The AAC appears to be making a solid effort at acknowledging transracial adoptees and interracial adoptive families. They have two transracial adoptees on their Board of Directors, Susan Harris O’Connor and Krista Woods. Two of the four keynote speakers were people of color: Rhonda Roorda and Rev. Dr. Nicholas Cooper-Lewter. One of the documentaries shown was You Have His Eyes, the story of transracial adoptee Chris Wilson. April Dinwoodie of the Donaldson Institute on Adoption presented a workshop called “What My White Parents Didn’t Know and Why I Turned Out Okay Anyway.” Mi Ok Bruining, a Korean adoptee, presented a workshop on “The Poetry of International Adoption.” Katherine Kim and Noel Cross facilitated a workshop on “Mixed Race Adoptees;” both are mixed race Korean adoptees. The Adoption Roundtable” featured 4 transracial adoptees. (The audience for this group was unfortunately quite small, though I get it. The potential audience might have been transracial adoptees and white adoptive parents. Neither group was significant in the conference attendees.)
The panel that got a large audience and generated a lot of conversation was “Lost Daughters: Diverse Narratives Within the Collective Adoptee Voice.” This panel included 10 of the women from the online writing collective Lost Daughters, and included same race and transracial infant adoptees, a Korean adoptee, an Ethiopian adoptee raised in Canada, a foster care transracial adoptee, and a Native American adoptee. Given that most of the AAC conference attendees are female adoptees and first mothers, it’s not surprising that the Lost Daughters panel was well-attended.
The Lost Daughters panel at the 2015 American Adoption Congress conference
One of the panelists, Amira Rose, wrote a powerful article on the Lost Daughters site reflecting on her experience at the AAC conference. Her post, “Sight Unseen: Navigating Adoption Spaces as an Adoptee of Color,” is insightful, and invites thoughtful reflection.
My sense is that AAC is moving toward inclusion of adoptees and first mothers of color, and I hope they do so. The challenge is bringing people of color into a group with few people of color: who wants to be the “other,” the “only,” the token? (See Amira’s article above.) I recognize that it is my white privilege that suggests this be done, and that it could be. As the white adoptive parent of 4 black adoptees, I know there is much to be learned from adoptees and birth/first parents of color. We all need to be talking together about realities of race and racism.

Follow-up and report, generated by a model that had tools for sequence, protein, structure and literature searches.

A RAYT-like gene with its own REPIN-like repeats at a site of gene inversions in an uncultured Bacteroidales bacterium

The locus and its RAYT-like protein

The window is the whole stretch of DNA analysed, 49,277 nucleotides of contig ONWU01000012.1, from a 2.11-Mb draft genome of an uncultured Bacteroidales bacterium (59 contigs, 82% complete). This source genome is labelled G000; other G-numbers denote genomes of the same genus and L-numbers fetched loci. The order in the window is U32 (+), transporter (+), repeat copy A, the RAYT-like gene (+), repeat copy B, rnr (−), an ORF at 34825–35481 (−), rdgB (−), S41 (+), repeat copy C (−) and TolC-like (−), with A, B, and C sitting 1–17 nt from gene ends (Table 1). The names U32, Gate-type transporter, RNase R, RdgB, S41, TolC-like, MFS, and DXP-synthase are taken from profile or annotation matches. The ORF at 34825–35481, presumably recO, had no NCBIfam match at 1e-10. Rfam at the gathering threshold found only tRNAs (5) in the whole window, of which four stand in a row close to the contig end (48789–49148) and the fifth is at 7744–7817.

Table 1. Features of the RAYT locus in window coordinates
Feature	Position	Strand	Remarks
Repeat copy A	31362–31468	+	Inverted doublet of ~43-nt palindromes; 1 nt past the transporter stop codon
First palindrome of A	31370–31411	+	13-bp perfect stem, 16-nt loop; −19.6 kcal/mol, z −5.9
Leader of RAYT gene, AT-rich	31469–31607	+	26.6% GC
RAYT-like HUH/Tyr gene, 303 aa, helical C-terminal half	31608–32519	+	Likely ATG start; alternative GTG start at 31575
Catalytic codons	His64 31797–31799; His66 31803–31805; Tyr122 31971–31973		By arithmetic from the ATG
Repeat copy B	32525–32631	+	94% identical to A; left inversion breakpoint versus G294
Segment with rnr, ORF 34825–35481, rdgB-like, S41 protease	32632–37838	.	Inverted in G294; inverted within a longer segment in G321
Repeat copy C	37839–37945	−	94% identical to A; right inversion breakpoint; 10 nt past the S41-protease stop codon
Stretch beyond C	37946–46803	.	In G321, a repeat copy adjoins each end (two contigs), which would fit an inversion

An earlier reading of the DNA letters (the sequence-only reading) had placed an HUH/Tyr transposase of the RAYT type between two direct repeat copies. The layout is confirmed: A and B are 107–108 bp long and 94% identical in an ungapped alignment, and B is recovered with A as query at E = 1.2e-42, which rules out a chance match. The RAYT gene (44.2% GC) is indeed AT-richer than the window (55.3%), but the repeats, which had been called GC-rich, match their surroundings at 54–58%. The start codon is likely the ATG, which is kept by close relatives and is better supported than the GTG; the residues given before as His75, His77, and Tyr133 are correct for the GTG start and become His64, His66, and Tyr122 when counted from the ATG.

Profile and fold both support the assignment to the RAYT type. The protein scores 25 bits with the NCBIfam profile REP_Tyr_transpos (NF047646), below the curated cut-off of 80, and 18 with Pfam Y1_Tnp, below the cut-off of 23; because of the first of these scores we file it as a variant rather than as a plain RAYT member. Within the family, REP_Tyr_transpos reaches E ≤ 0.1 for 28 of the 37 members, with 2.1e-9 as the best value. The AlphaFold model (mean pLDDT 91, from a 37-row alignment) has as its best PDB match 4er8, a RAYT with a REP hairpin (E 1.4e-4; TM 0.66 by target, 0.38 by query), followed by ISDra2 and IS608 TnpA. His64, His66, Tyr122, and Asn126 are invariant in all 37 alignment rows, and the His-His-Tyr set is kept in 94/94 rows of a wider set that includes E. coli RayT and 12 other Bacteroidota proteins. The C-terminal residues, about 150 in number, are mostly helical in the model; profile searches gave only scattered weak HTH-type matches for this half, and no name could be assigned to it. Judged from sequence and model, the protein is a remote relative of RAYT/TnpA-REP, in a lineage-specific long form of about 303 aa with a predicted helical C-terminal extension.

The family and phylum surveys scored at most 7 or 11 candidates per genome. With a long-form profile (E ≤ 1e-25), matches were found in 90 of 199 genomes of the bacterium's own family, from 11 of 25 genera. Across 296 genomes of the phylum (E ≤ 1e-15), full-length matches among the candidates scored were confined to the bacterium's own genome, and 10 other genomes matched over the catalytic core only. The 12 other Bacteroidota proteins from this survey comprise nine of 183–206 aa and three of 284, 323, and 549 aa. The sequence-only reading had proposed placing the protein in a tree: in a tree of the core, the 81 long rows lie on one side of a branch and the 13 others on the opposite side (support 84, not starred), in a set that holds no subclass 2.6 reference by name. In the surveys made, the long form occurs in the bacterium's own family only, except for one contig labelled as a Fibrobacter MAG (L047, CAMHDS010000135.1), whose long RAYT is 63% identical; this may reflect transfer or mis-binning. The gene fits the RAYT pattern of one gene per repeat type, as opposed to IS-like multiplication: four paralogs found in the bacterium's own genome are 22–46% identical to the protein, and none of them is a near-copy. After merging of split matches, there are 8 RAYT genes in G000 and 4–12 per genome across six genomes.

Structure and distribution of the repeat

Suicide in Adoption
This was not a topic of a panel or keynote, but it needs to be, and at every adoption-related conference. At the AAC conference, an adult adoptee from India talked about having been a mentor to a 16-year-old Indian adoptee who had recently committed suicide. Wrenching and heartbreaking. It’s so tempting to pause, provide sympathy, and then move on. And we can’t do that anymore. Trauma is part of adoption; depression is a reality for many people. Genetics can provide some clues, but too often adoptees do not know their own medical history. Adolescence for adoptees can be difficult in the best circumstances; add the intensity of current climate of bullying and racism, and it’s a dangerous world. The American Academy of Pediatrics published a report saying that adoptees are more likely to commit suicide than non-adoptees. I have known and heard of far too many adoptees, especially in their teens, who have considered, attempted, and committed suicide.
Educate, Advocate, Legislate. The AAC conference provided me with much food for thought (this is just a morsel), plus the joy of meeting old and new friends. I have little doubt that young adopted adults will lead the way in changing adoption policy, and I am heartened that first/birth parents are less marginalized as well. We adoptive parents need to be involved and engaged as well. And we all have to be unafraid of the hard conversations.